In the mid-1990’s the IT world had an ‘oh shit’ moment. Back when computers were first developed hardware was very, very expensive, so every effort was made to use the bare minimum of resources such as data storage. For that reason dates were stored as 6 digits – DDMMYY everywhere but the US, where it was MMDDYY. Then somebody realised that when we reached the year 2000, all our date maths would be out the window. Let’s say you started a 10-year loan on 1/5/95. It would be due to terminate on 30/4/05. But if you subtract 95 from 05, you don’t get 10. This meant retrofitting a gazillion systems using 6-digit dates to 8-digit dates (DDMMYYYY). It was huge. It required a multitude of analysts (to find where the dates were used) and programmers (to fix the code). But it was done. The century rolled over with barely a hiccup – but at a cost of billions of dollars. ($100 bilion in the US alone)

But that Herculean effort pales into insignificance in comparison with GDPR.

These requirements don’t just affect websites in the EU, they affect all websites which could be used by EU citizens. That includes this site, gretavanderrol.com, my crummy little website where I list my books and prattle on about my last holiday (and a few rants). Please do not imagine for a moment that compliance is easy. WordPress, the software upon which my site is based, is a huge enterprise. Half the world’s websites (especially the small ones) are hosted by WordPress. At some stage the company will catch up with some of the requirements, and include them in its basic framework, but not before 25 May 2018, when the law becomes enforceable. Added to that, there are literally thousands of WordPress plugins, (apps if you will) specially written to fit into the WordPress framework. Some of them use cookies, or collect information about visitors, and if I use the plugins, I’m responsible.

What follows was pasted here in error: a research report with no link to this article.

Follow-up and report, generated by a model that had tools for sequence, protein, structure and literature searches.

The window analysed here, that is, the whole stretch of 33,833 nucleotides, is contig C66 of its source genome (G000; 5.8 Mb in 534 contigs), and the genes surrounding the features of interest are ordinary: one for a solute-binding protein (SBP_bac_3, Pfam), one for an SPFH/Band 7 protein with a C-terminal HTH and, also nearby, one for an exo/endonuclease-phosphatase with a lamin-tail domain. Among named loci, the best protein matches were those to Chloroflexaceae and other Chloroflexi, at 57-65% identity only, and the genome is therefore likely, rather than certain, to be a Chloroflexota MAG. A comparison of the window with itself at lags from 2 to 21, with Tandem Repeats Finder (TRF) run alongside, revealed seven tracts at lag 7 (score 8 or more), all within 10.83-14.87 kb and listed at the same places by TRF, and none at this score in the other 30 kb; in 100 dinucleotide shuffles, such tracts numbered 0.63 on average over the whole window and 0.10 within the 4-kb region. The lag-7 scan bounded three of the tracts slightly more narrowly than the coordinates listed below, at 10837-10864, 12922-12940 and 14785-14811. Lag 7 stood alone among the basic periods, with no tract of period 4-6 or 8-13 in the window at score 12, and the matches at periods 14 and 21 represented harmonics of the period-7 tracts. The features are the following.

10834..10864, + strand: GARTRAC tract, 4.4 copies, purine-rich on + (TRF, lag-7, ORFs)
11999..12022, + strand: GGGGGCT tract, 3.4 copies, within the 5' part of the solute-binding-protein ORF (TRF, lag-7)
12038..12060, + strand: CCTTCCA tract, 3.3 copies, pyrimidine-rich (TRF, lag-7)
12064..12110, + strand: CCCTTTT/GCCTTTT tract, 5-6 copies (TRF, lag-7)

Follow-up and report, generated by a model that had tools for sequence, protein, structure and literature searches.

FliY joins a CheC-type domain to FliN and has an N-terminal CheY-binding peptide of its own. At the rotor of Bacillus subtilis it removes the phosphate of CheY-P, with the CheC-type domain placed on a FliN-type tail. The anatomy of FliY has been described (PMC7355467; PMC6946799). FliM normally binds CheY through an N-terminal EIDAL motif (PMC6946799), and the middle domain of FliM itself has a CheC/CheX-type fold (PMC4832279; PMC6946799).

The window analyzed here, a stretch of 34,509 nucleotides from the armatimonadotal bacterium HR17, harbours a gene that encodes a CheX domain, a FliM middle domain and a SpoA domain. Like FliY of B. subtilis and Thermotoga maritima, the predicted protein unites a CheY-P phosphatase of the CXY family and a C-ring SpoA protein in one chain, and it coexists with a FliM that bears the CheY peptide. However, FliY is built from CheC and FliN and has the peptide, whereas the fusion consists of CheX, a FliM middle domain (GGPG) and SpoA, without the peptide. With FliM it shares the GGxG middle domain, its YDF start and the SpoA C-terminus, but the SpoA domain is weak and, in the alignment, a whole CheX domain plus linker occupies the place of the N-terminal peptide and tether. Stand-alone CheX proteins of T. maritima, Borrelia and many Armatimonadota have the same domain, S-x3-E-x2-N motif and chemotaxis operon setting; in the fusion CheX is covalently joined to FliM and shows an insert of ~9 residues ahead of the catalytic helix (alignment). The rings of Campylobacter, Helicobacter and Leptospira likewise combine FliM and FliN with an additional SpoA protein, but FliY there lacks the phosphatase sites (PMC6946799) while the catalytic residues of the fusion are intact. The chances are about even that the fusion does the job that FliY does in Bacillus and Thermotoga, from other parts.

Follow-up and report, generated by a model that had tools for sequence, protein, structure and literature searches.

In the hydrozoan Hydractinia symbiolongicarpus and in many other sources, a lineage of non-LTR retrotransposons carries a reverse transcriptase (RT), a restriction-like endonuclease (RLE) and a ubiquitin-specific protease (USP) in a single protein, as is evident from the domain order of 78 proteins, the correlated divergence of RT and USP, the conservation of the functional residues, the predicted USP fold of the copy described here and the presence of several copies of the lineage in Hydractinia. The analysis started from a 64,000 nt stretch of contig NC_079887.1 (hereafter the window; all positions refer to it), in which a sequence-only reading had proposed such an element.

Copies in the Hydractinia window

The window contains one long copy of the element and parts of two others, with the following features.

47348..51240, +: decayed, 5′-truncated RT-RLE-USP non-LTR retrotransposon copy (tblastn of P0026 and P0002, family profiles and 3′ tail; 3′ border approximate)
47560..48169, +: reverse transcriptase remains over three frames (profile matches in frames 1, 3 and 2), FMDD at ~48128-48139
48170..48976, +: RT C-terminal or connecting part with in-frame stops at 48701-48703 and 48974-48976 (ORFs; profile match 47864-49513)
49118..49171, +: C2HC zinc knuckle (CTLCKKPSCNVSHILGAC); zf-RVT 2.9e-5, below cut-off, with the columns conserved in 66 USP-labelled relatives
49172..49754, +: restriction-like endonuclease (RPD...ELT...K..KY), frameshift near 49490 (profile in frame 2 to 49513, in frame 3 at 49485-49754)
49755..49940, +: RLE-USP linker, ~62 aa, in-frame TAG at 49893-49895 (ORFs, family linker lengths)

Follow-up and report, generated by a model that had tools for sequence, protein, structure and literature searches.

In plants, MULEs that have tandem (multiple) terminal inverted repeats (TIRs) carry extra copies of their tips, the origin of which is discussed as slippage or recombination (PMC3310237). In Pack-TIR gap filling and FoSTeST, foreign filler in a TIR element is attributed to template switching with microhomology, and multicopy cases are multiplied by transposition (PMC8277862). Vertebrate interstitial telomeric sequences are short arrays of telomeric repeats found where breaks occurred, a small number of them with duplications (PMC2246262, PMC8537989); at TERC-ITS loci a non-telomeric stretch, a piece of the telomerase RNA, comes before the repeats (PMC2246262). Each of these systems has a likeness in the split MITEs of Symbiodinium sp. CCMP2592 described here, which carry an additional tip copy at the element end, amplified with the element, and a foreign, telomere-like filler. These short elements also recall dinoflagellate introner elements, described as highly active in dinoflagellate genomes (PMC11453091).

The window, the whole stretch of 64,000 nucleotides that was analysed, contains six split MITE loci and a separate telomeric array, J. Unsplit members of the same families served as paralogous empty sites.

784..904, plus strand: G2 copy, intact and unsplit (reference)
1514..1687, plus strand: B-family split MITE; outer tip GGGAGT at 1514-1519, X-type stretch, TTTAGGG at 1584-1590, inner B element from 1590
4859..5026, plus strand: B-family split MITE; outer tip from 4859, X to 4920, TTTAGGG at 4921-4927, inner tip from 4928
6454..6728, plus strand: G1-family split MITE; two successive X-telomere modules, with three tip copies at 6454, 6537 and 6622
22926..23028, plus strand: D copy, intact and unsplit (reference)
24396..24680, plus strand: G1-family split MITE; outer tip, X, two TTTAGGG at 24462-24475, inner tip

Even for a simple little site like mine I’m expected to list any cookies that the software might place on a visitor’s machine. Here’s what WordPress says about cookies for people leaving a comment [1].

“When visitors comment on your blog, they get cookies stored on their computer. This is purely a convenience, so that the visitor won’t need to re-type all their information again when they want to leave another comment. Three cookies are set for commenters:

  • comment_author_{HASH}
  • comment_author_email_{HASH}
  • comment_author_url_{HASH}

The commenter cookies are set to expire a little under one year from the time they’re set.”

I have to make sure you can see a list of every cookie my site stores and what it’s for. You have to give consent before you can comment on my blog, and you must be able to remove your consent, and delete any information I might have stored about you, which means deleting your comments, and also deleting any record of your visit, such as your IP address.

Needless to say, enterprising software developers are writing plugins to help website owners cope with the requirements – some are free, some are not. I tried one plugin which checked for use of cookies. It was free for a site with less than 100 pages. I don’t have a lot of pages – but I use the site for my blog, and every post was counted as a page. That put me into premium class, and would have cost me $10 per month, which is frankly more than I pay for hosting the site. One plugin required me to make a change to the header in the HTML. I assure you most site owners wouldn’t know what that meant, let alone how to do it. And all the way through, there are disclaimers that this plugin will not make your site compliant. Perhaps you should talk to a lawyer, and hire a developer.